Edit: After a few months testing, I'm reassessing the efficiency of the China step-up. See below in this thread.



  • @m26872 said:

    runtime 1-4 weeks

    So this gives a runtime of 1-4 weeks? I am just starting out and wanted to confirm this. There are other posts claiming 6 months but I suspect that is in theory and the reality is 1-4 as you have experienced. Also, are any of your sensors interrupt driven that only wake up on outside feedback such as door switch? - I wonder if that will have more battery life.


  • Hardware Contributor

    @MatrixIII No no, that was for how long I have had my system running when I wrote the first post in this thread. The battery time in practice highly depends on how much the node sleeps. Always on and always asleep will give you the extreme. I'd say 6 months is very reasonable. I'll see if I can show some examples....


  • Hardware Contributor

    Ok here are some of my logged battery levels. Note that some nodes had been running before logging was turned on and that I also like to drain already used batteries. I'll leave to the reader to extrapolate the trends and estimate life time, but I suspect that the last 20% shouldn't be taken into account. First exampel shows briefly why;

    First one odd but illustrating example where I used two rechargeable 700mAh AAAs with one DS18B20, varying (very) temp and only 30s sleep. Any nodes transmission activity will temporary produce a lower voltage reading and make the curve look noisy. This band grows thick near the end of life and these low spikes are the ones to keep an eye on. Apart from that we see the typical "tilted S"-shaped battery discharge curve.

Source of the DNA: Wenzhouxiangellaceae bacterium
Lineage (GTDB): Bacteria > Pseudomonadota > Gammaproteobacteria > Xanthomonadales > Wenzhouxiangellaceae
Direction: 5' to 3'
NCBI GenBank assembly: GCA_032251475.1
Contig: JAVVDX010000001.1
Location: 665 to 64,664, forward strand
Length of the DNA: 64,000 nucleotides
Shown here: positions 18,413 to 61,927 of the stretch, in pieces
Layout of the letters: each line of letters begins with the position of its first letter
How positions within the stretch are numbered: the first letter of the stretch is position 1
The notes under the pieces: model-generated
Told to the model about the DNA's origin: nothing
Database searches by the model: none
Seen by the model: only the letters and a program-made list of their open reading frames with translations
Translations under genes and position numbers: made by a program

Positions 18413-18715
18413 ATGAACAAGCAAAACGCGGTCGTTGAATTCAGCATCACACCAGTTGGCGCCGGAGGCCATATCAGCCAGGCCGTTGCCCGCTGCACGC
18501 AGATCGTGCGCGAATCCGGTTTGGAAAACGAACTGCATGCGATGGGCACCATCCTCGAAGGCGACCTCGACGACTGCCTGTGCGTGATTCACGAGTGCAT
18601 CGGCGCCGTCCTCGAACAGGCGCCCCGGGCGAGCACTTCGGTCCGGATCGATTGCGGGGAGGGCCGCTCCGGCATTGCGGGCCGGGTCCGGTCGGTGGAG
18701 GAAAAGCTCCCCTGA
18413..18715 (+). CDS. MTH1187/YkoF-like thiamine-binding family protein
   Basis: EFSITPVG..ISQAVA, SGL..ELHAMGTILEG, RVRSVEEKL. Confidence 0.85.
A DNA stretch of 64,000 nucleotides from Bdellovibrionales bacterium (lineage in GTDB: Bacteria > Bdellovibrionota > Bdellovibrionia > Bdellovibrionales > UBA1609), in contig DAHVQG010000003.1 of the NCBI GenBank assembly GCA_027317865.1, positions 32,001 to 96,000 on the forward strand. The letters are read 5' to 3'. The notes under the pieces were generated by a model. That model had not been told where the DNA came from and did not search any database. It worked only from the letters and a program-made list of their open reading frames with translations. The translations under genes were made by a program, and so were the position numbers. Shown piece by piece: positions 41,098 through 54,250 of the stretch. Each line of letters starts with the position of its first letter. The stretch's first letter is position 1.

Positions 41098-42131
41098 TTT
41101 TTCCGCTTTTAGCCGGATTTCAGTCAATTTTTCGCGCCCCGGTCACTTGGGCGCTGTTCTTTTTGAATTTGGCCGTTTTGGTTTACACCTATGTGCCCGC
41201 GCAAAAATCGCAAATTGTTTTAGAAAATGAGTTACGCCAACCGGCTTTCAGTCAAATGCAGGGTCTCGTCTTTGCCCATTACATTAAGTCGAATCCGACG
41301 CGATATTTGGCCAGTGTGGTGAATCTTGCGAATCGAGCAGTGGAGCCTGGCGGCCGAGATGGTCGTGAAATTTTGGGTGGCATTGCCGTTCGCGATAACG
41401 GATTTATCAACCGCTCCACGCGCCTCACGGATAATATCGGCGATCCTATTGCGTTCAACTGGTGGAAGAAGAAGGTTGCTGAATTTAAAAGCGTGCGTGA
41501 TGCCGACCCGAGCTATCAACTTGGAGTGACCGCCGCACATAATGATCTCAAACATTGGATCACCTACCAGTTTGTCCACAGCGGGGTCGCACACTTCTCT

Nod2.png


  • Hardware Contributor

    Next one is a rather nervous DHT22 with 30s sleep and supplied by two (initially fresh) normal alkaline AAs.
    Nod16.png


  • Hardware Contributor

    This one has two DS18B20s, 30s sleep. The sensors are attached to a central heating pipe. The heating system was turned on 1 Nov which is visible as new more battery consuming trend.
    Nod101.png


  • Hardware Contributor

    Here is the interrupt-driven (front) door switch sensor as requested. Unfortunately not with fresh AAs. Since it's almost always sleeping I think the power draw is surprisingly high. Explanation is of course the 1mA to the china step-up.
    Node110.png


  • Hardware Contributor

    Finally are there two nodes started up at the same time, equally equipped with one BMP180 and one DHT22 each. Sleep time are more normal 15+5min. (15+5 because I now have learned to filter the DHT-readings and I do this here by measure a value 5 min before the real processing for avaraging purpose and to reduce risk of invalid readings.)
    I'm confident this will survive 6 months since the decrease rate is 5% per month and it's still in the beginning of the "tilted S". The upper curve is with fresh batteries, the lower with used.
    Nod105106.png


  • Admin

    Great job with the graphs! Really interesting.


  • Contest Winner